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The Freedom Of Information Act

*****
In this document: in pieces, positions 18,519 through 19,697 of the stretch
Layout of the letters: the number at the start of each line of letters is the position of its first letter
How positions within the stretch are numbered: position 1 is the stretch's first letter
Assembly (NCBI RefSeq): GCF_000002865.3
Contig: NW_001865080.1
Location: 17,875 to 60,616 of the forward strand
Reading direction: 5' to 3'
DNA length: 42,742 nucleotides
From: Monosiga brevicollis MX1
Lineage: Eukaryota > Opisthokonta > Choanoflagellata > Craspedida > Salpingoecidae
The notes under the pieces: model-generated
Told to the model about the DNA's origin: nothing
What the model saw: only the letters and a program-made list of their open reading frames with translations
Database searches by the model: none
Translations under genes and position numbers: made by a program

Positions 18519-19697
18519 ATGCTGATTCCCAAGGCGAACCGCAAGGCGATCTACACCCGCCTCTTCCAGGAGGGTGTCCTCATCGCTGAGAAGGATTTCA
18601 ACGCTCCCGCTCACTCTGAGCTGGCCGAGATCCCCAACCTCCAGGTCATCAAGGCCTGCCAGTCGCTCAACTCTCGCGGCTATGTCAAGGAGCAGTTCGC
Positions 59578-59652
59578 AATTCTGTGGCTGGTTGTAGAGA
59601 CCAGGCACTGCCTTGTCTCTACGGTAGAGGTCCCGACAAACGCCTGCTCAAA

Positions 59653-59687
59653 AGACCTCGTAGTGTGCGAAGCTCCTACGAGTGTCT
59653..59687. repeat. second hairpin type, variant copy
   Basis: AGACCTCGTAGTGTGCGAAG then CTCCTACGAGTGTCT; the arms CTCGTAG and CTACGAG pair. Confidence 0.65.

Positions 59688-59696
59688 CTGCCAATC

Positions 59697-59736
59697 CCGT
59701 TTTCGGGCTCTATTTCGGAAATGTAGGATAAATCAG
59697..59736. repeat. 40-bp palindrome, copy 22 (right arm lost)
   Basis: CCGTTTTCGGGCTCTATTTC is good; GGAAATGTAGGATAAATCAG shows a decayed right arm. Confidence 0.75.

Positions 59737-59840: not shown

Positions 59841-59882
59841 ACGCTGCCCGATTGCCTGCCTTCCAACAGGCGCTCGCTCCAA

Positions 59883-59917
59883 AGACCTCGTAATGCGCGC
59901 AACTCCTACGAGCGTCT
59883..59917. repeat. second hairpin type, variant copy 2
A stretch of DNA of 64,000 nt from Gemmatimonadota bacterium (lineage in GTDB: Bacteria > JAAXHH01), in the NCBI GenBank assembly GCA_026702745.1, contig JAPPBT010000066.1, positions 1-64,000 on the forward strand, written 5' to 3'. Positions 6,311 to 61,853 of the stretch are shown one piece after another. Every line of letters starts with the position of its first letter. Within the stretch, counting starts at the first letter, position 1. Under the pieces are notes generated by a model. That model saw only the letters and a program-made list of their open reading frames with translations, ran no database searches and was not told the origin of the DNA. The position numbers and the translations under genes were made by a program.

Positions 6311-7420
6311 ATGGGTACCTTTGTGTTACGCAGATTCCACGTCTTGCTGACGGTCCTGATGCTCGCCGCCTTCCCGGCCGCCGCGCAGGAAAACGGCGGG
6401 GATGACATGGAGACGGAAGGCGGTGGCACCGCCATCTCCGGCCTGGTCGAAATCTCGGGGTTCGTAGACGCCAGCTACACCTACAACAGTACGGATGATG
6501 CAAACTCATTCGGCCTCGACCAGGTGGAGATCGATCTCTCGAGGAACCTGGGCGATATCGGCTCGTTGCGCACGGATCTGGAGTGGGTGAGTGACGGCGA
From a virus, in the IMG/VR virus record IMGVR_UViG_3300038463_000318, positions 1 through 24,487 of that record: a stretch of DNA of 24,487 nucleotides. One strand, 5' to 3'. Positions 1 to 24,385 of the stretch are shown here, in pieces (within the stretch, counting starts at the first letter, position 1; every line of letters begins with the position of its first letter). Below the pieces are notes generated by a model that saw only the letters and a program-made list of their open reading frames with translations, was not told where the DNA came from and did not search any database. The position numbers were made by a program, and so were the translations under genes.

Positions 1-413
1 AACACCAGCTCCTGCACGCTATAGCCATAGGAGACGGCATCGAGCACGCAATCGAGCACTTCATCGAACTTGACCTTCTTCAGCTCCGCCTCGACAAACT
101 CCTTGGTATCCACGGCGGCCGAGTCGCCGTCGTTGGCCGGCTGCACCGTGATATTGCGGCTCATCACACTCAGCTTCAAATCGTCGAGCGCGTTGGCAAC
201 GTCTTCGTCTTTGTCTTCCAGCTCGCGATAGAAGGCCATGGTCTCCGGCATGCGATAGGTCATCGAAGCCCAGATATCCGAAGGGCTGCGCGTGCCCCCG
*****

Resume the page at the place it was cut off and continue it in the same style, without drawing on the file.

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The Freedom of Information Act, commonly known as FOIA, is a federal law that allows anyone to request access to federal government documents. Most states have similar laws that allow people to request documents from state government agencies. FOIA requests must be made in writing and must not fall into one of the nine exceptions listed in the statute. Those exceptions include information important for national security, personnel rules, trade secrets, information related to current litigation and other specifically described information. The purpose of the exceptions is to protect the safety and well-being of American citizens while balancing the public’s right to know what is going on in its government. While FOIA requests are often initiated by the media, you as an individual have the same rights as large media corporations to request information from the government. Remember the presumption is that a government agency should provide you with the information that you request, if it is going to deny request should do so in writing and it has the burden of explaining to you the reasons why your request has been denied.

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